Here's how a checklist is (usually) a timesaver at The Overlook, and why you should be using them, too.

An inspection revealed a pipe under the spa deck was missing some insulation. We asked our property manager to have it fixed before it caused any real problems.

Using a PM Checklist

When my wife, Sally, and I first bought The Overlook in October 2016, we created a preventative maintenance (PM) checklist. 

Our plan was to use the checklist when inspecting the cabin on our regular visits. It would help us remember what to inspect while identifying some maintenance items that had to be done on occasion. We've updated the checklist as we've discovered new requirements or added a new feature, like a game room.

We've found the checklist to be extremely useful. 

There's been some minor maintenance to be done each time we've visited the cabin, which is usually once every six weeks. Glasses are missing, lightbulbs are burned out, guests leave personal items in drawers, furniture has been moved, you name it.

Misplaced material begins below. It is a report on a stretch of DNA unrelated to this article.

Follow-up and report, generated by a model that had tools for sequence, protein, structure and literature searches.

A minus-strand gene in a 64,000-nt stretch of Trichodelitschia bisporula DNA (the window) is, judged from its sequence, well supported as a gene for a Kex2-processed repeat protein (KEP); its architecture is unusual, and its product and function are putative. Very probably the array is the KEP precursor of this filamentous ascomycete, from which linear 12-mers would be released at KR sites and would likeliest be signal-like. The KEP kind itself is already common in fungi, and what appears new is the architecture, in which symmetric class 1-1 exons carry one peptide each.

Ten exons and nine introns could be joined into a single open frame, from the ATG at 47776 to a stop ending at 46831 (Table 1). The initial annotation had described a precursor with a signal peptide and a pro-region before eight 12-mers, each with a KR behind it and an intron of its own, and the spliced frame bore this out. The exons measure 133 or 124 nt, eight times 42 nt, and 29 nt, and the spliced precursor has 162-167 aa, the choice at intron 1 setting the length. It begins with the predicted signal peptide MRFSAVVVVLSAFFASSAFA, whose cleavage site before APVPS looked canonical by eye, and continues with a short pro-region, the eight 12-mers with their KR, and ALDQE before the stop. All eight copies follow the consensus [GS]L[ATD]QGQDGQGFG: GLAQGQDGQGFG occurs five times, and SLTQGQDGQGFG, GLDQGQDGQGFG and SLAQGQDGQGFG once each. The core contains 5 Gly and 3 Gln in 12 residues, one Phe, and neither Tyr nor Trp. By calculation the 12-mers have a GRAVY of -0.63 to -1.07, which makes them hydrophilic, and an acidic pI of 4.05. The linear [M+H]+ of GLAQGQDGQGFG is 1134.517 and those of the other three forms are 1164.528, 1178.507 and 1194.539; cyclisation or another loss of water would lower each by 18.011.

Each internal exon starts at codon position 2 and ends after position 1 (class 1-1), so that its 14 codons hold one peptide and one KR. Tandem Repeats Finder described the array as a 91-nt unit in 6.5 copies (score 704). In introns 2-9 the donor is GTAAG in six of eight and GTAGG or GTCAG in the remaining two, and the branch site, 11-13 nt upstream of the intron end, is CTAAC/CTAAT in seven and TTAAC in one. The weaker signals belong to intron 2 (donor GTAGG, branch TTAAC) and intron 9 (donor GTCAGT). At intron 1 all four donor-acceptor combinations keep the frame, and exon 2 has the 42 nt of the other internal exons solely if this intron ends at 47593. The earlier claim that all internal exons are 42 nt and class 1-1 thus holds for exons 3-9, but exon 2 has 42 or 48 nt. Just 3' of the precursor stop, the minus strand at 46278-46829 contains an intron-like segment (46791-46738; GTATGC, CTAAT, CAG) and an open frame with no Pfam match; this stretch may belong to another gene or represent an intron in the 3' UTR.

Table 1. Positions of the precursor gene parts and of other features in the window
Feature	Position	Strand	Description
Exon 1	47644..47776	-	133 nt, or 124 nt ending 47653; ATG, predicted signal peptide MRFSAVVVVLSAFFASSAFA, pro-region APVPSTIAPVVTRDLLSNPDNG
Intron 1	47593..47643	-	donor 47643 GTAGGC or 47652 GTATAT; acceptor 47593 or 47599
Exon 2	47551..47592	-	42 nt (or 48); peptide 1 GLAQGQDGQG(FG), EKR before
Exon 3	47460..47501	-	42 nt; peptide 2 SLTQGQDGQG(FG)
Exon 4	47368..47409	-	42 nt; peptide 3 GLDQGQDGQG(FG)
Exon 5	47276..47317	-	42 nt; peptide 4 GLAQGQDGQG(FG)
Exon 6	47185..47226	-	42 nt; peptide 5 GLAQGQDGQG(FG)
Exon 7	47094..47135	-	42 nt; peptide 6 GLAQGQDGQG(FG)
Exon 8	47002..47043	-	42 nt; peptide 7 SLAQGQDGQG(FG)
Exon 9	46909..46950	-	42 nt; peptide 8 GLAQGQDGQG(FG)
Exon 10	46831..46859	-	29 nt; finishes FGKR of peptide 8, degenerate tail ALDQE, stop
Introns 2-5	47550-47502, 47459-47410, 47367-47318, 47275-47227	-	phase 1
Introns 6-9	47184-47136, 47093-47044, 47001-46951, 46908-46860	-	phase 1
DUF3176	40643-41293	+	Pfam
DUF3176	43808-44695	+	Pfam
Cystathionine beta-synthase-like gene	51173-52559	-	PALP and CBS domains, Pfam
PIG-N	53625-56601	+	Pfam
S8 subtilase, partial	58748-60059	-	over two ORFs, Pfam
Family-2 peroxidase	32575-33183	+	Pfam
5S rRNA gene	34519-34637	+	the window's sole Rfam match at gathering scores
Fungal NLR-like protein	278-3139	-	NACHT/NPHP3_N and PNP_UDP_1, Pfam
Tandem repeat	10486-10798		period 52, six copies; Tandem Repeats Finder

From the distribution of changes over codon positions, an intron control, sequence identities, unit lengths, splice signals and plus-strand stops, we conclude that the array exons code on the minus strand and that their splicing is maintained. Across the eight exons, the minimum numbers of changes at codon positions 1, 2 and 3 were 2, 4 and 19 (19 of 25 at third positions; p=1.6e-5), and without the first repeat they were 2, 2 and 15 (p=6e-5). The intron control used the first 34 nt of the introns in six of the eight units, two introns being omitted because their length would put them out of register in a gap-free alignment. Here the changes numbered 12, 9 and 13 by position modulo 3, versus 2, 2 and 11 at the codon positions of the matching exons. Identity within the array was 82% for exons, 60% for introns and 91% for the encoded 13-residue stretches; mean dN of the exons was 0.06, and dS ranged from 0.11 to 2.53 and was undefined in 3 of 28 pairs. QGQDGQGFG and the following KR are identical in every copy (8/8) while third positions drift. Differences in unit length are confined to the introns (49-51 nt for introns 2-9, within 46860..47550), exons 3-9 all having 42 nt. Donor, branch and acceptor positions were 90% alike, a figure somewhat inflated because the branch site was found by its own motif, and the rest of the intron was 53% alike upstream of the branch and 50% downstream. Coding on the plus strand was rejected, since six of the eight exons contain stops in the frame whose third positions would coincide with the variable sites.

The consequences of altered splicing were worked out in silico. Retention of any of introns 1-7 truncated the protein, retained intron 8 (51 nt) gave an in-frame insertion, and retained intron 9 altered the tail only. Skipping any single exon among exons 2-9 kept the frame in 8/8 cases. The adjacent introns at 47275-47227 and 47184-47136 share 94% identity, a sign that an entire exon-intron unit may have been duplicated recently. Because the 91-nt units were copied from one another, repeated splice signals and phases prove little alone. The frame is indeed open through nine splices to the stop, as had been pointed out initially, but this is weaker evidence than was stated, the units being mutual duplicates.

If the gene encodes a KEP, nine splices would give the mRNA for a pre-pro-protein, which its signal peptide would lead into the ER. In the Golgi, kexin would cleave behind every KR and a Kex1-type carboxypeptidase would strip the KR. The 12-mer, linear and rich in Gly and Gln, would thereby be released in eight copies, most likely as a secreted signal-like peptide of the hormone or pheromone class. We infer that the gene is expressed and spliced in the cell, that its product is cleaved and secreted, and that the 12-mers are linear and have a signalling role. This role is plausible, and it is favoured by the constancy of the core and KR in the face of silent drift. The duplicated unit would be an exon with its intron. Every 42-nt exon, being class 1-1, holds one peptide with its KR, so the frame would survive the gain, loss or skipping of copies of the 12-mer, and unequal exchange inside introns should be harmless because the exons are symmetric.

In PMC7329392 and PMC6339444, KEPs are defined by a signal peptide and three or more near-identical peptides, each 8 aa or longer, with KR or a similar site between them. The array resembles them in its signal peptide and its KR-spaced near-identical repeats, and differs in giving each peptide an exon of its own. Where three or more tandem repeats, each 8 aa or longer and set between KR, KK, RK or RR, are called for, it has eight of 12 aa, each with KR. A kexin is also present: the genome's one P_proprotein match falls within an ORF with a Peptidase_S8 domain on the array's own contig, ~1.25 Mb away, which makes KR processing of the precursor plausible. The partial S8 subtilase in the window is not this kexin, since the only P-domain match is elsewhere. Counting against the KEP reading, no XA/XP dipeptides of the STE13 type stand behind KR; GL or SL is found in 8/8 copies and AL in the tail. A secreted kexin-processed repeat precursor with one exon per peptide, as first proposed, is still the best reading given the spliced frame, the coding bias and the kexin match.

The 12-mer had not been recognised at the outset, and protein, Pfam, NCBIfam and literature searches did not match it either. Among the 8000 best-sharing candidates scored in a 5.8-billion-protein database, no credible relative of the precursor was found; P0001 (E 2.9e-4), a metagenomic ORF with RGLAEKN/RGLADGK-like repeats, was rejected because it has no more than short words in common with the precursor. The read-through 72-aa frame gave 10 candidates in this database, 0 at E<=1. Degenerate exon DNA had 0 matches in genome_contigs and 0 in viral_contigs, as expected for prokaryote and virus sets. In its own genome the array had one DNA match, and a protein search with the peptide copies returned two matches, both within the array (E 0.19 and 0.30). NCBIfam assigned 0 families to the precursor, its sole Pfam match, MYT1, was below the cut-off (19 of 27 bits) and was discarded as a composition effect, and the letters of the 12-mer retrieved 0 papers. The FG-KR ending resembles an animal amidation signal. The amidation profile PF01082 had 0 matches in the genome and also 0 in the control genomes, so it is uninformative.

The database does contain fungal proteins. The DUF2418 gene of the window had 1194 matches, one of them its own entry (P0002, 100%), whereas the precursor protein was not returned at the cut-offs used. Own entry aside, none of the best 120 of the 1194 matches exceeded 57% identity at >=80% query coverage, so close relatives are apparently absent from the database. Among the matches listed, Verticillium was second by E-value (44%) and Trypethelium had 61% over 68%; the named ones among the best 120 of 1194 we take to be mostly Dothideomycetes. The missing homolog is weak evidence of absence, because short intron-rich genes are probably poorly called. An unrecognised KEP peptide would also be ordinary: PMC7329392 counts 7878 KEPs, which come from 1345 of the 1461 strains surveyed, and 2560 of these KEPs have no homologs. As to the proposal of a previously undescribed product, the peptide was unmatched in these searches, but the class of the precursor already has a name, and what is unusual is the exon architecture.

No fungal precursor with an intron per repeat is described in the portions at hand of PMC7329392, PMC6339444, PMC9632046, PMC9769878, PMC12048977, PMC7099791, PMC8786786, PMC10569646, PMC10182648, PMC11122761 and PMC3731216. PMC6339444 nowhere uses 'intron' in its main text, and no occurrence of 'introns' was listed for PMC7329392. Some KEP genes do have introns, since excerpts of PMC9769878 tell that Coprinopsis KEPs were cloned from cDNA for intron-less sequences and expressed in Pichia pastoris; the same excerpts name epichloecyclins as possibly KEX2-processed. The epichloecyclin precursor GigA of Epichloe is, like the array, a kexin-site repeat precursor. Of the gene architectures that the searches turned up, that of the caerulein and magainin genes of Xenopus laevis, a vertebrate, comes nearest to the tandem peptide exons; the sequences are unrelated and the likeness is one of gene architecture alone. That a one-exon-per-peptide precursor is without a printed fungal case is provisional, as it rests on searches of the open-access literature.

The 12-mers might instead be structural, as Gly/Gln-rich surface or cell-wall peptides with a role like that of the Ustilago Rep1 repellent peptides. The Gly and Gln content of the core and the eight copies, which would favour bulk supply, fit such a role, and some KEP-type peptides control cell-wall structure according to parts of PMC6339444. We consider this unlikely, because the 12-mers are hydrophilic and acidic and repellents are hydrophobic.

The PM checklist also contains a lot of helpful reminders, such as pumping the septic tank, trimming trees, and checking our propane consumption. We also use it to identify when to re-order supplies such as spare glasses, dishes, lightbulbs, and cleaning supplies.

Forming a Bad Habit

We've strayed away from using the checklist during the past few months. The excuse was busyness.

A day trip to the cabin in September was a whirlwind of chores. We returned in October, but storm knocked the power out and put a damper on our plans. Another trip the first weekend in December was nice, but there was also a long list of chores that needed to be done.

In hindsight, these were precisely the times when a checklist would have been handy. It would have helped me remember to order new air filters for our heater or inspect the piping under the spa deck (see photo). I allowed myself to get so busy focusing on whatever task was right in front of me that I neglected to follow our own procedure.

Fortunately, the only fallout was a little wasted time from not having replacement air filters on hand. I know it could have been worse, such as a frozen pipe!